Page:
Thursday, February 01, 2007

Ed Bouchette: Urlacher upholds Bears linebacker tradition

Bears linebacker Brian Urlacher directs the defense against the Seahawks in the NFC playoff football game in Jan. 14.

No teddy bear: Chicago's Urlacher upholds linebacker tradition

Size, speed and range combine to make him one of the NFL's best defensive players, if not the best

Thursday, February 01, 2007

By Ed Bouchette, Pittsburgh Post-Gazette

MIAMI BEACH, Fla. -- The moment that defined the Steelers' improbable march to their Super Bowl victory last season was so visually pleasing it appeared on countless loops of highlights of their championship season.

You could not watch TV for 10 minutes the week leading up to the Super Bowl without seeing Jerome Bettis plow through the snow at Heinz Field and run over a Chicago Bears linebacker on his way to a 5-yard touchdown in the third quarter of the Steelers' 21-9 victory.

That not only ended the Bears' eight-game winning streak, it revitalized the Steelers. It was their first victory of eight in a row that delivered an unexpected Vince Lombardi Trophy.

It also was no ordinary linebacker Bettis used as the stepping stone that day. He ran over Brian Urlacher, who would be named the NFL's defensive player of the year for that season, a six-time Pro Bowl player in his seven NFL seasons.

Urlacher can be excused if that play is not on his personal highlights reel of memories. Even the best sometimes get run over.

"It's one play," said Lance Briggs, one of Chicago's two outside linebackers. "You win some, you lose some. It's football. You can't knock everybody over. Jerome Bettis is not a second-rate back, he's a top back."

He also retired after getting his only Super Bowl ring. Urlacher won't retire after the Bears' game against the Indianapolis Colts. He's only 28 and, according to his coach, getting better.

"Brian was defensive player of the year last year,'' said Bears coach Lovie Smith. "I think he has played better this year ... I can talk about Urlacher for a long time. I think he is the best player in football."

He could be the best middle linebacker to play in Chicago. That might be considered blasphemy, because three Hall of Fame middle linebackers dominated Bears defenses between 1952 and 1992.

"Bill George started us out, and then we've got Dick Butkus and Mike Singletary," Urlacher said. "It's a great tradition.

"When you think of the Chicago Bears, No. 1 for me at least, I think of Walter Payton and then the great linebackers who have played there. Our fans are blue-collar, and they love defense and they love linebackers for some reason."

The Bears play a 4-3 cover-2 defense, the kind the Steelers may adopt before too long. Urlacher is perfect for it, a rangy, 6-foot-4 258-pounder who can stop the run and cover receivers deep. He drops deeper than any linebacker in ages. That's not surprising because he played free safety, linebacker and wide receiver at New Mexico, where he also returned kickoffs and punts, using techniques he says helps him today.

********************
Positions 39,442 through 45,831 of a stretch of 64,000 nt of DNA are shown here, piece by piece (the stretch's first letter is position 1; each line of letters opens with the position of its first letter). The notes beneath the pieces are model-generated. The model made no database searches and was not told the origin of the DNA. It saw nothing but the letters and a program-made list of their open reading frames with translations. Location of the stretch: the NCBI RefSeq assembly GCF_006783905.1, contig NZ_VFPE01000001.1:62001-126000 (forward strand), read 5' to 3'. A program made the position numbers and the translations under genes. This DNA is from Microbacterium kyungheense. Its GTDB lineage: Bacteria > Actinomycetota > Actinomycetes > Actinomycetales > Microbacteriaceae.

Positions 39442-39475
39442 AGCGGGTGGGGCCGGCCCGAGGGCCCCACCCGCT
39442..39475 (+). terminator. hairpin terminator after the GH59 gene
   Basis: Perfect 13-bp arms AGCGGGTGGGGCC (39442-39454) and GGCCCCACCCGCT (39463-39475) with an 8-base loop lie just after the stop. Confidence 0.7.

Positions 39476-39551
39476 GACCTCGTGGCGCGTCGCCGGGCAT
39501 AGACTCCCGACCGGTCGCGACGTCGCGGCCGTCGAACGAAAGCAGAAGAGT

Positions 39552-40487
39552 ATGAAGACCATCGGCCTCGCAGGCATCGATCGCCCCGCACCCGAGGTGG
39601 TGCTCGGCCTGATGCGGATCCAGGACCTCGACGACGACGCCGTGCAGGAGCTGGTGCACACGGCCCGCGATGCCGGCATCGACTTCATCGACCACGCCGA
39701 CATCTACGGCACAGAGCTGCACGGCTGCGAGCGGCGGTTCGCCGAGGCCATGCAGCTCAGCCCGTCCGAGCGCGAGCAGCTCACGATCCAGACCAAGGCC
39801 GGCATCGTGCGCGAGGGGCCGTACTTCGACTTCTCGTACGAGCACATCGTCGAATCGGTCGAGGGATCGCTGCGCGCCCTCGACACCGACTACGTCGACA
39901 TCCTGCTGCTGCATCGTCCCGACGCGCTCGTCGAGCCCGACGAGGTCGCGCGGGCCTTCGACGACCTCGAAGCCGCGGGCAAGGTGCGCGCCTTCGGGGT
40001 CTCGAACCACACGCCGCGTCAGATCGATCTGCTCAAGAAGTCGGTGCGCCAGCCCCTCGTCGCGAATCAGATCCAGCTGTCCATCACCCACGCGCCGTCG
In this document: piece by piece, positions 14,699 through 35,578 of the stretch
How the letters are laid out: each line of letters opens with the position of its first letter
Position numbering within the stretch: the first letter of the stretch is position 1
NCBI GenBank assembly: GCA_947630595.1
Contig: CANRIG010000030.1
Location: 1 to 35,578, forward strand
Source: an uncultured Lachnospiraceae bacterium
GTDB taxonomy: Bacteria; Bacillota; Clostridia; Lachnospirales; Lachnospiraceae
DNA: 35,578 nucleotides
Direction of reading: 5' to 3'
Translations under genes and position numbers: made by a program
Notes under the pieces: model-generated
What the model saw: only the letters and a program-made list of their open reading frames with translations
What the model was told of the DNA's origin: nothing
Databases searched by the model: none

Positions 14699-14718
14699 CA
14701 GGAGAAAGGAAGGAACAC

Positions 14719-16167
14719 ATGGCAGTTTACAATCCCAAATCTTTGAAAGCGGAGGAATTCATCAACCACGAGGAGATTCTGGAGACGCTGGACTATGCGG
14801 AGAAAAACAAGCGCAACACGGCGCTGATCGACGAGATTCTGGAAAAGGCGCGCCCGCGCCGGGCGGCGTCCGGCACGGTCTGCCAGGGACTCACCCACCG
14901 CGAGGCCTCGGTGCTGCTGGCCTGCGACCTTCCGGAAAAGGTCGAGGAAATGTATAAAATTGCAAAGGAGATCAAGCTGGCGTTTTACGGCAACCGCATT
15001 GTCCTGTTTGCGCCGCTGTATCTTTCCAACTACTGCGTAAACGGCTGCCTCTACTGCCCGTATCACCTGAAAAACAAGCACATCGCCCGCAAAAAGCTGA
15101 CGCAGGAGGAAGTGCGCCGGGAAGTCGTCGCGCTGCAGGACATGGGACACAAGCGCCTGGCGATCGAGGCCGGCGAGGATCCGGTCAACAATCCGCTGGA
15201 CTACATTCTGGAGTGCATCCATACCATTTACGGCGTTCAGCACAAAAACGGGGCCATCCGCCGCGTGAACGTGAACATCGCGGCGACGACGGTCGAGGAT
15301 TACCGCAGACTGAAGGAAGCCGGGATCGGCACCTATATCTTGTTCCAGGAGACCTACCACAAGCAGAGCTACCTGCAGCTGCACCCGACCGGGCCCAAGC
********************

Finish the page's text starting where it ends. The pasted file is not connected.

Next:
"Everyone knows I run down the middle in cover-2," Urlacher said, "so it helps me adjust to the ball a little bit so I can see where I need to be, and where the ball is going to end up. I think it has helped me just in judging the ball a little and knowing where it's going to be and where I need to be."

Urlacher was shown knocking passes away deep in the zone against Seattle in the Bears' first playoff victory. People claim he actually gained ground on Reggie Bush, passing his own defensive backs, as he chased the Saints' rookie on the way to his 88-yard touchdown run in the NFC championship.

Bush taunted Urlacher, pointing the ball at him as he ran the final 10 yards. Urlacher merely turned after the play and walked to the Chicago sideline, without a hint of reaction.

"When he makes a false step or a bad key, he makes up for it because he's so fast," said Briggs. "And he creates problems for teams because he's so tall. You have to get it over his head, and, if you lob it over his head, you give the secondary time to make a play.

"He's a physical guy, competitive, high motor. There's nobody like him in the league."

One of Urlacher's toughest jobs Sunday won't involve his speed or other physical skills. He must match wits with Peyton Manning. The Colts' quarterback is famous both for taking his time at the line of scrimmage in the no-huddle offense to call a play and faking the call as he runs up and down the line, shouting sometimes little nothings into the ears of his offensive linemen.

"We just have to get adjusted to it because it is so fast and it happens so quick," Urlacher said. "You kind of panic when you don't need to, and that's what we did early [in a 2004 loss to the Colts, 41-10]. If you don't panic and you just let your coaches make your calls for you, you should be OK. It's hard to do that because you are so nervous about them snapping the ball before you are ready."

Perhaps, it's Manning and the Colts who should be nervous whenever they look up and see Urlacher.

(Ed Bouchette can be reached at )

No comments: